I’ve only recently started to execute video art as an extension to my P.Y.AL series and for Cuba-related work. Video work that is specific to a series is more or less researched and planned out in tandem to 2-dimensional work. For example, the 2-D side of the P.Y.AL series showcases vignettes of battles and fighting scene between the protagonists and the antagonists – Pink, Yellow and Autumn Leaves versus Red and Payne’s Grey, respectively. The live-action side of that series, video work, emphasizes the down-time or, rather, what happens between battles and conflicts. In one video, I have Pink wandering through an abandoned warehouse or factory searching, exploring, reminiscing, and lamenting the moment after a battle. Currently, I’m focusing more on creating a sustainable amount of shorts that would explain the characters’ poses, fighting or otherwise, seen on paintings and drawings.

Please view Moisés Aragon’s work at and “like” Critique Collective on Facebook at

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Christian Duvua Gonzalez Blurs the Line between Abstract Painting and Photography

Christian Duvua Gonzalez is an artist from Coral Gables, Florida working in mediums of abstract photography and painting interchangeably. More of his artwork can be found online.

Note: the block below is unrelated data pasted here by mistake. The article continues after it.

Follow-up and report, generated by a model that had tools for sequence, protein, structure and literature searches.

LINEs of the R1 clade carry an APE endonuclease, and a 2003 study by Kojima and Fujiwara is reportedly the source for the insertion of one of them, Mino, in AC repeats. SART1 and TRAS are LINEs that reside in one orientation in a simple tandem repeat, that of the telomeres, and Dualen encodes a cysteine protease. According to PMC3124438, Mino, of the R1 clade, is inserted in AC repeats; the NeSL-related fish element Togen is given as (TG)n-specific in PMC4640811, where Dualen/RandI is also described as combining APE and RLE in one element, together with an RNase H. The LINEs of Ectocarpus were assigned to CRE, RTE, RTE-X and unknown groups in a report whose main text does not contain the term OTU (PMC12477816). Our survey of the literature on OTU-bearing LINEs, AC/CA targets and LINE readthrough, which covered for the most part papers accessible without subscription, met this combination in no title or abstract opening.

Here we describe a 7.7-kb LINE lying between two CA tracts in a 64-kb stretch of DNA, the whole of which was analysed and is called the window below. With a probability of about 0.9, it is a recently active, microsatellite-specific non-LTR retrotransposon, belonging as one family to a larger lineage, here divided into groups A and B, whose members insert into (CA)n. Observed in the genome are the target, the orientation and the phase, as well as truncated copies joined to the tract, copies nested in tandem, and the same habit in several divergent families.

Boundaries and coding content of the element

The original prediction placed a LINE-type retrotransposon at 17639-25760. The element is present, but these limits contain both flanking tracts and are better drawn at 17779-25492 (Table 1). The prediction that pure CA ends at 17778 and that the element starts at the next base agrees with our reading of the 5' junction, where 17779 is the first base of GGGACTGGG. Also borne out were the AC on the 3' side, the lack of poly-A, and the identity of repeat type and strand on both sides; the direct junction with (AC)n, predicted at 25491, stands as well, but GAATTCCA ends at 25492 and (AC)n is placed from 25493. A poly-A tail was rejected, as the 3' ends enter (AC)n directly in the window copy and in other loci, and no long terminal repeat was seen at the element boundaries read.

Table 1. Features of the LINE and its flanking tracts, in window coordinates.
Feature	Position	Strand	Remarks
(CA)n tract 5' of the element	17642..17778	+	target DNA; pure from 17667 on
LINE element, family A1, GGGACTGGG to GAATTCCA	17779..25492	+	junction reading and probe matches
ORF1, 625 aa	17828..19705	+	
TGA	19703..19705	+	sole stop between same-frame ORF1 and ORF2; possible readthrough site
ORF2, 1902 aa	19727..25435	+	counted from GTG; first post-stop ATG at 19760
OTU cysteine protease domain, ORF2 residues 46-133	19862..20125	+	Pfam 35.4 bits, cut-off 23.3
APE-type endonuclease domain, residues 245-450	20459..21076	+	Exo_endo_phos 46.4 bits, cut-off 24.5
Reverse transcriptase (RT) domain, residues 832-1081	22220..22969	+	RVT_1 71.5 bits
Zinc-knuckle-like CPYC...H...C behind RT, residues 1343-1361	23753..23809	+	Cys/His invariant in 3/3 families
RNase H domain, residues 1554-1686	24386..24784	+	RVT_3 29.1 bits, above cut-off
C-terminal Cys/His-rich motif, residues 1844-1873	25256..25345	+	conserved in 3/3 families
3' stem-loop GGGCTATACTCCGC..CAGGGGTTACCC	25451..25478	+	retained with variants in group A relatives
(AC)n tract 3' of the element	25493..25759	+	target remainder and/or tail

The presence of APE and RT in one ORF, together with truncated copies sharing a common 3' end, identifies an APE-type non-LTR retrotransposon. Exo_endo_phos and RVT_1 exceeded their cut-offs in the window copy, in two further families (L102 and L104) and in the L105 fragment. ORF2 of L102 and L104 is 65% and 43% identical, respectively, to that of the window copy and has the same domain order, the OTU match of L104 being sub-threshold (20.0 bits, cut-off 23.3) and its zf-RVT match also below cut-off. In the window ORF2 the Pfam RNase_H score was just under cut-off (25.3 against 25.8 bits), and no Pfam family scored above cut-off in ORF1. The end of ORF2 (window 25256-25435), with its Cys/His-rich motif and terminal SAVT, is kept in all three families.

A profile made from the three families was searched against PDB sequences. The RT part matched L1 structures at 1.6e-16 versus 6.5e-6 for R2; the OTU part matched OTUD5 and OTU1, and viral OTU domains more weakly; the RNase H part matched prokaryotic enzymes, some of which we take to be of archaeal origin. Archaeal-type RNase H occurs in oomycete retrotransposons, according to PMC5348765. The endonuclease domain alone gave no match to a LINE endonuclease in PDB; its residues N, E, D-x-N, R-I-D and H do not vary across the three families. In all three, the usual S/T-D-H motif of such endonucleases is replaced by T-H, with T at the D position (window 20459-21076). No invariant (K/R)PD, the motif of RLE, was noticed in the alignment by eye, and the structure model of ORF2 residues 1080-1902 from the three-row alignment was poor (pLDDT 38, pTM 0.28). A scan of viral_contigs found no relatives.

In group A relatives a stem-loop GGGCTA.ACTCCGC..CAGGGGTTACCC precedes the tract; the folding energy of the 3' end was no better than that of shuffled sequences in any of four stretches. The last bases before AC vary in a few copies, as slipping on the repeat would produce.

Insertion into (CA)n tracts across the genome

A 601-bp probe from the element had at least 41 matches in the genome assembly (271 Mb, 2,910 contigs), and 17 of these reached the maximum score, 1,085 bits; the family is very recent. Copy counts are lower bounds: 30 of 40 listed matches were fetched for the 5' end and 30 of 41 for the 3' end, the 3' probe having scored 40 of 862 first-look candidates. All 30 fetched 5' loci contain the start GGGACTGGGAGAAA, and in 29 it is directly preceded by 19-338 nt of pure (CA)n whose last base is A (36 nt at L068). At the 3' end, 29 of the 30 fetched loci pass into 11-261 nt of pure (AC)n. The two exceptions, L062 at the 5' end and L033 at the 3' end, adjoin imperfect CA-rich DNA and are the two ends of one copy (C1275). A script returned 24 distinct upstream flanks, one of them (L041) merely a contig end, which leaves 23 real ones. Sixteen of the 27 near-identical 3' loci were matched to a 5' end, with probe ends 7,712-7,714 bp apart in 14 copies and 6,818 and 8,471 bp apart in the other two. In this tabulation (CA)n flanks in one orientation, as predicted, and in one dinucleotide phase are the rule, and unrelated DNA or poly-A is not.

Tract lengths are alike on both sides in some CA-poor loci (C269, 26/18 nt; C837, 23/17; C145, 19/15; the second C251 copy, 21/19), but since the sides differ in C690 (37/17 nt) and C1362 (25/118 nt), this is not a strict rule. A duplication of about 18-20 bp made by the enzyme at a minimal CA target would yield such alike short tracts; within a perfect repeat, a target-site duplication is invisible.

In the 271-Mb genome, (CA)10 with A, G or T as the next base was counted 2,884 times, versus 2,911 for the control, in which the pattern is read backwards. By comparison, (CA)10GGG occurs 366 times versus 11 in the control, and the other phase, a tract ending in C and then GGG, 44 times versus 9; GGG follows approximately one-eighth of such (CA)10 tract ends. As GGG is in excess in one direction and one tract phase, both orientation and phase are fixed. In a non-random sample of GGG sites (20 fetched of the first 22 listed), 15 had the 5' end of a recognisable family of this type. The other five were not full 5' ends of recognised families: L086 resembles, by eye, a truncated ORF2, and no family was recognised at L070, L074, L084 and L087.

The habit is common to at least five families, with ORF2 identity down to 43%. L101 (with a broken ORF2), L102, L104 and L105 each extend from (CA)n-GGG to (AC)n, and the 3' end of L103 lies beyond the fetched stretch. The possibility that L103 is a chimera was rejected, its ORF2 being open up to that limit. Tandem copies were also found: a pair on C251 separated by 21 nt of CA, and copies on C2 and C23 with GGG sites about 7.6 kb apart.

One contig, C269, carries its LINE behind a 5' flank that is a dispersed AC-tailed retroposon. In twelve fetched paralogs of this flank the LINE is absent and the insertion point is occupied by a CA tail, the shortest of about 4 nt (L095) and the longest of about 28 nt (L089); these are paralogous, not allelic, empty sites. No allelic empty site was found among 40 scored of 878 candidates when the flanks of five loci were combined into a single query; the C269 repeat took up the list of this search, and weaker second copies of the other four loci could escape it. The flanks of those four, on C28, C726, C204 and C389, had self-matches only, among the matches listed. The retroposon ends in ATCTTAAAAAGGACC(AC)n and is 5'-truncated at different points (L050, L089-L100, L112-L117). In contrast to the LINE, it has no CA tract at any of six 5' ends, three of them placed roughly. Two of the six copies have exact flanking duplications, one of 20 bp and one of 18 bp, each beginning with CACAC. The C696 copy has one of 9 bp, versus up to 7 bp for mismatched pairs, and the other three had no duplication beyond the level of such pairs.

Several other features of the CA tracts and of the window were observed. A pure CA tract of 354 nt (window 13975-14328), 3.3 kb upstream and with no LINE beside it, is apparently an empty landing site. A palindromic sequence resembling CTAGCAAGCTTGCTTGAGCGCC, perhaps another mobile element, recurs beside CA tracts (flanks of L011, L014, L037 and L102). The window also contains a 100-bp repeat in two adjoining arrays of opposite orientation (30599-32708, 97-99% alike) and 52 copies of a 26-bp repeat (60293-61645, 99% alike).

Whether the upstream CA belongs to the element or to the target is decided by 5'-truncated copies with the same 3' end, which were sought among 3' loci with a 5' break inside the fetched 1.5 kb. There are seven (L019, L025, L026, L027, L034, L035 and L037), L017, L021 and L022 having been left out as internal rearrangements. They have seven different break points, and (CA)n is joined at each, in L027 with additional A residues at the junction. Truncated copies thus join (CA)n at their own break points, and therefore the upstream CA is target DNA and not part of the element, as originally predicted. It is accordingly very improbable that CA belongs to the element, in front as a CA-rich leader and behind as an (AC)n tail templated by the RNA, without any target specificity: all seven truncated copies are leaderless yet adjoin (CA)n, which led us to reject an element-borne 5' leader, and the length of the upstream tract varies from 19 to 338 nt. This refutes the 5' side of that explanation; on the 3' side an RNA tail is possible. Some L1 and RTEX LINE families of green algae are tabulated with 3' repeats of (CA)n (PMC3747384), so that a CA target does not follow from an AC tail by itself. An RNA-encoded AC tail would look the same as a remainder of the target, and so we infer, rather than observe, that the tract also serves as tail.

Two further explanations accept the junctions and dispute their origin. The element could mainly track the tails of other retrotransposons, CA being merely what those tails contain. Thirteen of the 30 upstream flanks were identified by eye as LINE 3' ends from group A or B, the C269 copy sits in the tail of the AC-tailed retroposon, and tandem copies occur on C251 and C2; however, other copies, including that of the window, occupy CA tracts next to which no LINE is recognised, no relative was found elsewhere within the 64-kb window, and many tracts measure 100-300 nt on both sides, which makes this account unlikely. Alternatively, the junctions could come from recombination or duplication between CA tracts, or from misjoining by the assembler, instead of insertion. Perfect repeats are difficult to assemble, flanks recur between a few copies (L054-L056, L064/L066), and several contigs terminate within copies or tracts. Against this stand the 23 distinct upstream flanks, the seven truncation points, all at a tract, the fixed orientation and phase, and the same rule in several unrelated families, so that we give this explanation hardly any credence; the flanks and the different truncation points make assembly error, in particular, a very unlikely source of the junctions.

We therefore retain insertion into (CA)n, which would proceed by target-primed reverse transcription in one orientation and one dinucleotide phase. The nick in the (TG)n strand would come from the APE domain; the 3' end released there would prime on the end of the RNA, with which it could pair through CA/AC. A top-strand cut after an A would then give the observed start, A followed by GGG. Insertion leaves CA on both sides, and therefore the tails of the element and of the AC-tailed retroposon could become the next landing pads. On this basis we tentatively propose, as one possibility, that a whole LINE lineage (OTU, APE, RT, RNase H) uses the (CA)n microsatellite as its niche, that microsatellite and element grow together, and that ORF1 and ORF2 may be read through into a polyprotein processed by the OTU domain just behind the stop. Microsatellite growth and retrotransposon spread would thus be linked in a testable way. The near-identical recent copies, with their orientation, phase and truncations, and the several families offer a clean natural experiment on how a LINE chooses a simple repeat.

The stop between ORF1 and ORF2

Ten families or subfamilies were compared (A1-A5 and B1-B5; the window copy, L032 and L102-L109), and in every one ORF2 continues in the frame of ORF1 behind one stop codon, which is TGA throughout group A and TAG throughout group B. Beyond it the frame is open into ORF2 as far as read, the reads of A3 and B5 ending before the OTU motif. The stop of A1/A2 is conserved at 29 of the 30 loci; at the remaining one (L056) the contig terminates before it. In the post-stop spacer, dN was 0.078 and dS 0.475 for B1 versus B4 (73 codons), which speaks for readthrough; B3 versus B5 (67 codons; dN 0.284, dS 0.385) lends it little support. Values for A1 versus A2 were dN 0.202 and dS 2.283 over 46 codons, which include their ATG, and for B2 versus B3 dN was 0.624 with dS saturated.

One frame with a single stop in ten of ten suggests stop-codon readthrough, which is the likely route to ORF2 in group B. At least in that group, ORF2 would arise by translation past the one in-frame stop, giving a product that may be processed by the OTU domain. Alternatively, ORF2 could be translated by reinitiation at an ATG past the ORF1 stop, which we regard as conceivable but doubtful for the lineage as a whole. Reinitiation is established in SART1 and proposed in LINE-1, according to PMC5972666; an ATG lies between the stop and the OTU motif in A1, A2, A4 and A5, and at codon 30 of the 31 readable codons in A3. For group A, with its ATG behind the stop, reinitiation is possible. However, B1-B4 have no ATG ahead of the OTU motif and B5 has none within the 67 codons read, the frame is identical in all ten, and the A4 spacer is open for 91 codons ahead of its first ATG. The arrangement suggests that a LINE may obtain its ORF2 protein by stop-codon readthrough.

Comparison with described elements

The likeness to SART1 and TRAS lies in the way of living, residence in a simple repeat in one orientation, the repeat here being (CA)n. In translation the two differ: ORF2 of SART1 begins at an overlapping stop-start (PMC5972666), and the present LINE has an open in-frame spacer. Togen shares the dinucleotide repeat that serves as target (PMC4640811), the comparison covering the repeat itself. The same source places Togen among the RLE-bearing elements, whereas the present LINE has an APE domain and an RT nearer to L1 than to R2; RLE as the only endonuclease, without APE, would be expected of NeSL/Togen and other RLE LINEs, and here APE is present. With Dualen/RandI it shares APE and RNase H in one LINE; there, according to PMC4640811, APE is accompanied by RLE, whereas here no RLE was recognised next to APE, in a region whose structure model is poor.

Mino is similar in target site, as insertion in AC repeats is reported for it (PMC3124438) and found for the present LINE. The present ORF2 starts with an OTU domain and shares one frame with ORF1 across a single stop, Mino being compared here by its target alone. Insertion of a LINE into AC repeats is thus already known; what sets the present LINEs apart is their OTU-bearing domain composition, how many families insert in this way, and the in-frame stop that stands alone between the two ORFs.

Paul Weiner:
Your abstract paintings and photographs are very similar in aesthetics. Do you purposefully look to create photography that fits together with your painting?

Christian Duvua Gonzalez:
Yes. On some of my abstract paintings, I channel through the vision from some of my photography and create a unique style of painting. However, I feel abstract expressionism gives me the opportunity to connect with the freedom I seek as a painter.




Paul Weiner:
How do you find subjects for your abstract photography?

Christian Duvua Gonzalez:
I have to thank my dad for giving you the answer for this question. I remember like it was yesterday when my dad told me this for the first time. When I was about 5 or 6 years old, he said, “Son you have to look both ways when crossing the street.” Well, I took that to heart, and I added up, down, and all around to that equation. I feel that art is everywhere, all around us, and all we need to do is open our minds to pay attention.


Paul Weiner:
Tell us how you begin a painting.

Christian Duvua Gonzalez:
Well, I can tell you what I don’t do when I start a painting. I don’t start with an empty canvas. I don’t believe that anything is empty; everything possesses the ability to open your mind, from a white canvas to a stain on the ground. I start my paintings in a relaxed state, usually with a glass of pinot noir and some music as I let the mood take over.


Paul Weiner:
Do you prefer a certain type of board or canvas to paint on? Also, do you print your abstract photography in a way that it can be viewed with your paintings?